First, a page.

2004 Denver Annual Meeting (November 7–10, 2004)

Paper No. 20
Presentation Time: 1:30 PM-5:30 PM


MANGO, Helen, Natural Sciences, Castleton State College, 233 South Street, Castleton, VT 05735, RYAN, Peter, Department of Geology, Middlebury College, Middlebury, VT 05753 and KIM, Jonathan, Vermont Geol Survey, 103 S. Main St, Waterbury, VT 05671, helen.mango@castleton.edu

The Clarendon Springs Formation is an Upper Cambrian dolostone that is found in a narrow north-south belt in western Vermont. Elevated levels of radioactivity in groundwater have been associated with the Clarendon Springs Formation in northwestern and west-central Vermont. It is the aim of this study to see if such a correlation exists in the region of the type locality of the Clarendon Springs Formation in southwestern Vermont.

Preliminary results (gross alpha analysis for 18 groundwater samples; 17 from private wells and one from a public water supply) indicate that there is some elevated radioactivity in groundwater in areas that have been mapped as Clarendon Springs Formation. Six samples have gross alpha results above the Vermont drinking water standard of 5 pCi/L. One of these wells has been sampled for analysis of radium 226 and radium 228. The combined Ra-226 and Ra-228 is slightly below Vermont’s drinking water standard of 5 pCi/L. Another home with a gross alpha result above 5 pCi/L has identified elevated radon levels. Two of the eighteen wells produce from overburden (gravel); these have very low levels of radioactivity.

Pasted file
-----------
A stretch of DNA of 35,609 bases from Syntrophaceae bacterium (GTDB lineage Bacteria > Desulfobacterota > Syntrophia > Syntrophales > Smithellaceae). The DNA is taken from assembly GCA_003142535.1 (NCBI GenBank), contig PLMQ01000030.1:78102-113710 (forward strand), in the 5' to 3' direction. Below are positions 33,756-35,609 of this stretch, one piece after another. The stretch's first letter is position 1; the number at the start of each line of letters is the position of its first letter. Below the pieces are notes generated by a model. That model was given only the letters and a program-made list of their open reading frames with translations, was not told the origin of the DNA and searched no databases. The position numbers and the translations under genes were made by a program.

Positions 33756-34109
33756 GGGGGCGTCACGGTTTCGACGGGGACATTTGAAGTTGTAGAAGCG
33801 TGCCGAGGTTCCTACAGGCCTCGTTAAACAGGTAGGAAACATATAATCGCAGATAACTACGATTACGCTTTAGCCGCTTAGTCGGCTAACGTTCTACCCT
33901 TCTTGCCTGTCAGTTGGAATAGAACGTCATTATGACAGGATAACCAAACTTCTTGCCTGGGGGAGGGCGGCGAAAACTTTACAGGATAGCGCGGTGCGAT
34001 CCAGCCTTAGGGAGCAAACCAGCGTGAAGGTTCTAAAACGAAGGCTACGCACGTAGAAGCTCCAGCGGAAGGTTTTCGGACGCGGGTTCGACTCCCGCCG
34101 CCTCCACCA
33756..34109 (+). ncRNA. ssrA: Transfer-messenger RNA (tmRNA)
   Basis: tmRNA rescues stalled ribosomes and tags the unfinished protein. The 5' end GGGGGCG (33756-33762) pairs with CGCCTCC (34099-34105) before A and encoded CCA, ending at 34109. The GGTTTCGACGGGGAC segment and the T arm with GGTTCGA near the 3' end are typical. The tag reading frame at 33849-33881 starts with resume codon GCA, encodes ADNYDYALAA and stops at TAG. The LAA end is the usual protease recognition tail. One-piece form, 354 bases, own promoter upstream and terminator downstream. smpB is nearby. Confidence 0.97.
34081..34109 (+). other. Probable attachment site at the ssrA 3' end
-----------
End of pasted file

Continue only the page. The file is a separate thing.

Determining the correlation between elevated radioactivity in groundwater and the Clarendon Springs Formation is hampered by a lack of outcrop, as well as by the variable nature of the Clarendon Springs Formation. However, one outcrop that was positively identified as Clarendon Springs Formation was sampled for bulk rock analysis. A flaky “gouge”-like material filling a fracture contains 34.7 ppm Pb. Another outcrop sampled for bulk rock analysis from the region of groundwater sampling contains 24.8 ppm Pb.

Determining the degree and extent of radioactivity in groundwater is valuable as a public health service. The results of this study are shared with homeowners as well as becoming part of the larger study of the Clarendon Springs Formation in western Vermont.